and we vectorize it now. That said, the generated code for integers is much cleaner, but I don't think and has anything to do with the IV, as it's been successfully promoted to an integer IV.

So, as far as I understand, your intention is to handle loops with non-integer step/start/end value. Why can't we focus on promotable to integer cases, which can and should be handled even now (if not, we'd rather fix it)?

Thanks,
Michael

PS: My old intel email address isn't accessible any more, so you probably should remove it from your contacts.

One option would be to extend InductionDescriptor::isInductionPHI in the vectorizer to directly analyze the PHIs without SCEV support as Sanjoy suggested. I think that that could be sufficient to handle case B.

I implemented this with FP SCEV and the code looks very structured, including SCEVExpander. Extending the existing structures without implementing FP SCEV will be problematic.

And my end goal is to handle case A.

Ok, but there have been numerous requests for an explanation of why this is important, and that hasn’t emerged yet.

We really need to have a clear understanding of the relative importance of solving these problems in order to understand the best approach.

To the best of my experience, handling case B (secondary induction) is must-have, and if I’m not mistaken,

people aren’t opposed to that.

For me, handling case A (primary induction) is “why not?”, but I certainly admit that that can be very naïve

thinking coming from lack of good understanding on SCEV and their proper usages. Now, let’s assume we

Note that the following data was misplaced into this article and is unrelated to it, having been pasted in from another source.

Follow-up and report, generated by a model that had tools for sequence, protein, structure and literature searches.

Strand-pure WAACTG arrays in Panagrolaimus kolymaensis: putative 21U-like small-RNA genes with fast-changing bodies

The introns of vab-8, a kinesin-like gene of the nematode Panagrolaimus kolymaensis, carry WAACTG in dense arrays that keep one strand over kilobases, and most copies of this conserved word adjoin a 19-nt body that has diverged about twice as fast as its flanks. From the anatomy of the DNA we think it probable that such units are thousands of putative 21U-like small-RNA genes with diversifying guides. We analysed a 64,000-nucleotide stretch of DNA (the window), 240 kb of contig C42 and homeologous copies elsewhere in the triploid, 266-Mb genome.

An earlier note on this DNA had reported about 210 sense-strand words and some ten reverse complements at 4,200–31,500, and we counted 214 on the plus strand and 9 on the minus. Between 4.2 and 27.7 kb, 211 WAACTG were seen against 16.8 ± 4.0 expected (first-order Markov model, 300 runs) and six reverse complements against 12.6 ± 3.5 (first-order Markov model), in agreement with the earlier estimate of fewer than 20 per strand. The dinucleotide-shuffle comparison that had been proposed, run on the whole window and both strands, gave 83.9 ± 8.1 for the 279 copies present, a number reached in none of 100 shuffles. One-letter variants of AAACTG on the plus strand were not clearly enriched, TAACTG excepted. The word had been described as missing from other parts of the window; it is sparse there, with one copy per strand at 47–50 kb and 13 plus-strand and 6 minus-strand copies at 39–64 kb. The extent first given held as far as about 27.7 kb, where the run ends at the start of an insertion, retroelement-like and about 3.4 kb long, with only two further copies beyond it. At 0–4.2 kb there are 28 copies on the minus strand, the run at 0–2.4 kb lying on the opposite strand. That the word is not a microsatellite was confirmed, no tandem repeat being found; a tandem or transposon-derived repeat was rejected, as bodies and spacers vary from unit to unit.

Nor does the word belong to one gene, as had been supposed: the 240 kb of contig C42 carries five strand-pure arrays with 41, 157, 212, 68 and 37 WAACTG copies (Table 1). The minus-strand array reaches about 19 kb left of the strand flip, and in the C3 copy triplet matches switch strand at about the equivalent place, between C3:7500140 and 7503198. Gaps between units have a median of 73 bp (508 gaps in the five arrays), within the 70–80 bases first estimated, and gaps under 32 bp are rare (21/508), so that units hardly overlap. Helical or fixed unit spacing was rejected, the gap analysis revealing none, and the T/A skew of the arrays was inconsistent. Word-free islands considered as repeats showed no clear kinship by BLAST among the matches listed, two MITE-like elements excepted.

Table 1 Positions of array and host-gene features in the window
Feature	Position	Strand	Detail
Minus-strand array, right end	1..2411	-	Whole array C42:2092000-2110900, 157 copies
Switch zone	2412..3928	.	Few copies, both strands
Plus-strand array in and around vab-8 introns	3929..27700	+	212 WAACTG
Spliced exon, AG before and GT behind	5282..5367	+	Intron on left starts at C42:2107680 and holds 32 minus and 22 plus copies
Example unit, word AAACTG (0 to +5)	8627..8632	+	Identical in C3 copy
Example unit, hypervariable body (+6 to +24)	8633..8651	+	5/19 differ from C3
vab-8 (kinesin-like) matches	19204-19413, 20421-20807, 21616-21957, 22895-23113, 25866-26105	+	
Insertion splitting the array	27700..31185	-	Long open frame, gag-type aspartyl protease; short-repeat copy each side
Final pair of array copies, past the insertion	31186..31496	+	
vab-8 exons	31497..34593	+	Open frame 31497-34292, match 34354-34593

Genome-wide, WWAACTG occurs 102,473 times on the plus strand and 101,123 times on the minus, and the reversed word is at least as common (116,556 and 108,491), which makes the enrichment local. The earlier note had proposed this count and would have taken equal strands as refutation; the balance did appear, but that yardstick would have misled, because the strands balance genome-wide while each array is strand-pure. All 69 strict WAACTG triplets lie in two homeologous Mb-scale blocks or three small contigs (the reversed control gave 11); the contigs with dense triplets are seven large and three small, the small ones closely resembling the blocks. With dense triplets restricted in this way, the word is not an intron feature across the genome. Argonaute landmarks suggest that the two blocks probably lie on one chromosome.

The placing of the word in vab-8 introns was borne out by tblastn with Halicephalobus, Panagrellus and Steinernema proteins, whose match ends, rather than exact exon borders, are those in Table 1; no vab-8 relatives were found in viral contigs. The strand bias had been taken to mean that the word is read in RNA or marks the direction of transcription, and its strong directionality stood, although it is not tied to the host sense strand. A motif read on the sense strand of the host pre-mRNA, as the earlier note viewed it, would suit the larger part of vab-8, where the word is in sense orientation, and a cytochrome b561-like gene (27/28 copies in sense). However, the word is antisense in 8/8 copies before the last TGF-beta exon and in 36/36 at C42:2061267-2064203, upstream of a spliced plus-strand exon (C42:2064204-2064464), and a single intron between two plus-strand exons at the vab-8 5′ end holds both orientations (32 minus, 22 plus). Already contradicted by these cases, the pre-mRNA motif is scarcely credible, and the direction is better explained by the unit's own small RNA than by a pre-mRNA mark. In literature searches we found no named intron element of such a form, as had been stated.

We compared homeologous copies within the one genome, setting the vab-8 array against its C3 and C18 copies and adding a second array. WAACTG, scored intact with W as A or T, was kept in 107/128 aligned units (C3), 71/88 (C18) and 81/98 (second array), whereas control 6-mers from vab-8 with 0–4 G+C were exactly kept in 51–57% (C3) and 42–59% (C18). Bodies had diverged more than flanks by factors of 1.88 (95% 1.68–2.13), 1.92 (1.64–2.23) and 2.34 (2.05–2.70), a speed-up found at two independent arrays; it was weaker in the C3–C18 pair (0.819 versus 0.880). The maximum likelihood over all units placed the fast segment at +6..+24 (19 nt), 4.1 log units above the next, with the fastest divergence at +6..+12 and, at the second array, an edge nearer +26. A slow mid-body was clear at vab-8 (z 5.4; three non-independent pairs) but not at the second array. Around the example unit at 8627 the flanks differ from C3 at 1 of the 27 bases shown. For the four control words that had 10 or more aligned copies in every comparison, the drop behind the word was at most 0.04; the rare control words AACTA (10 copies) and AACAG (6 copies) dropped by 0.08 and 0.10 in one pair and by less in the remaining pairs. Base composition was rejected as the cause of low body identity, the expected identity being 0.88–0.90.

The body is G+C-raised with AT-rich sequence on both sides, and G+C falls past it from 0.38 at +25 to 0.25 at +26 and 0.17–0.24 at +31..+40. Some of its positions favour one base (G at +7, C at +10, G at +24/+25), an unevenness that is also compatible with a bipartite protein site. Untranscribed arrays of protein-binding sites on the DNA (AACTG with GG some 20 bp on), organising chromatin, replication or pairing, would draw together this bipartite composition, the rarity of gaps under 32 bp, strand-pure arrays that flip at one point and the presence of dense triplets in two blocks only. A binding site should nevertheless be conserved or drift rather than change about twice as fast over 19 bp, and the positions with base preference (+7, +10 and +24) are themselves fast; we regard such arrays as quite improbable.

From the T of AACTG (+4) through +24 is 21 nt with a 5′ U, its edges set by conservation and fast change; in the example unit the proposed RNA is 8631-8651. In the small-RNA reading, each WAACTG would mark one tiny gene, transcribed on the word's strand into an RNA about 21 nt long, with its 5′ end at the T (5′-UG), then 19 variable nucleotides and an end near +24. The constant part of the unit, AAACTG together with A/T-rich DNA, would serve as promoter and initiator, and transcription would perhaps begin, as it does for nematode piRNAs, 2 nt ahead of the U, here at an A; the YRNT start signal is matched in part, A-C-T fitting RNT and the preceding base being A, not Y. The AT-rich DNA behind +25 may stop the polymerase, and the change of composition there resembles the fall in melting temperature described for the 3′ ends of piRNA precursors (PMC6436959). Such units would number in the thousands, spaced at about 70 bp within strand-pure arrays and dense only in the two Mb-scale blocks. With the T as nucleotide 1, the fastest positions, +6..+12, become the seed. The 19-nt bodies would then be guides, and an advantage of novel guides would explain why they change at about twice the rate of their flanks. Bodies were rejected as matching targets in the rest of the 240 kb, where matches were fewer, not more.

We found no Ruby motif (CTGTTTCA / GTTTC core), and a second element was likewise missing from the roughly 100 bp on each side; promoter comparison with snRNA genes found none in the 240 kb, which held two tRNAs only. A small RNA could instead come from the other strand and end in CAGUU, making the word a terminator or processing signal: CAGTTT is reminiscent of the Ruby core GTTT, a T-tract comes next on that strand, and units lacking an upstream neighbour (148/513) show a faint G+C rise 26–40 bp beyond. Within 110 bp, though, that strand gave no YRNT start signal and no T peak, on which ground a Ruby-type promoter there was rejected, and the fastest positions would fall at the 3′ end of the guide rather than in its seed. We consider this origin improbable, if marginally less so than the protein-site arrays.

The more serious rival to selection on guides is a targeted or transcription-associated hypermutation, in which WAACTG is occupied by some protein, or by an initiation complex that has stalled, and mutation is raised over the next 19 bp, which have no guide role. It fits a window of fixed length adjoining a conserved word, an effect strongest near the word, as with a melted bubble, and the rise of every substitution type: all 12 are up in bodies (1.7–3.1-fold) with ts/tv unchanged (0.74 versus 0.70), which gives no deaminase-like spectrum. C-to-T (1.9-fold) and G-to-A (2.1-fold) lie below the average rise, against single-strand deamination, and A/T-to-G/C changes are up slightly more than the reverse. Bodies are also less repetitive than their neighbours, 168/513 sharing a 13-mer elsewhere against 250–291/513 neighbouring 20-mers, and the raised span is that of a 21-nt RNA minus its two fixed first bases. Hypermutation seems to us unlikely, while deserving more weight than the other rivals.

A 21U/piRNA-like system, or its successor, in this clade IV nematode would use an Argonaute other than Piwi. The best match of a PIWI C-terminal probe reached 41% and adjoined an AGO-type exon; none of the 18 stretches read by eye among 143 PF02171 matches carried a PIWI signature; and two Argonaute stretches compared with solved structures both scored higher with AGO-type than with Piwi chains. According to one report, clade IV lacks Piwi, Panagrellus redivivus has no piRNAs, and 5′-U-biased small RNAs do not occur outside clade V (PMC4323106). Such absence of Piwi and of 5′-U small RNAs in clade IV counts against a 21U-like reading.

can postpone discussion about case A. What is the best approach to handle case B? Let me summarize

the discussion so far. Hope I didn’t miss anything.

Extend SCEV was the initial approach taken by Elena.

Elena thinks this solution ”looks very structured”.

If I’m not mistaken, some people think this is overkill and overly complicates already complicated SCEV.

Anyone care to look at the patch Elena came up with?

IndVarSimplify::handleFloatingPointIV (mentioned by Andy)

This transforms integer-valued FP (primary) IV into integer IV and convert.

Chandler says most of Graphics shading language use case mentioned by Owen

should be handled here.

It certainly has the logic of detecting FP induction, but Andy punted discussions
on non-integer valued IV issues to MichaelZ and Adam.

extend InductionDescriptor::isInductionPHI in the vectorizer to directly analyze the PHIs without SCEV support

If this is the standard way to deal with all secondary inductions, it certainly looks attractive.

Elena, would you try doing this and compare with 1)?

Thanks,

Hideki

Hi Hideki,

I like this summary overall, thanks. More below.

To the best of my experience, handling case B (secondary induction) is must-have, and if I’m not mistaken,
people aren’t opposed to that.

For me, handling case A (primary induction) is “why not?”, but I certainly admit that that can be very naïve
thinking coming from lack of good understanding on SCEV and their proper usages. Now, let’s assume we
can postpone discussion about case A. What is the best approach to handle case B? Let me summarize
the discussion so far. Hope I didn’t miss anything.

1)
Extend SCEV was the initial approach taken by Elena.
Elena thinks this solution ”looks very structured”.
If I’m not mistaken, some people think this is overkill and overly complicates already complicated SCEV.
Anyone care to look at the patch Elena came up with?
2)
IndVarSimplify::handleFloatingPointIV (mentioned by Andy)
This transforms integer-valued FP (primary) IV into integer IV and convert.
Chandler says most of Graphics shading language use case mentioned by Owen
should be handled here.
It certainly has the logic of detecting FP induction, but Andy punted discussions
on non-integer valued IV issues to MichaelZ and Adam.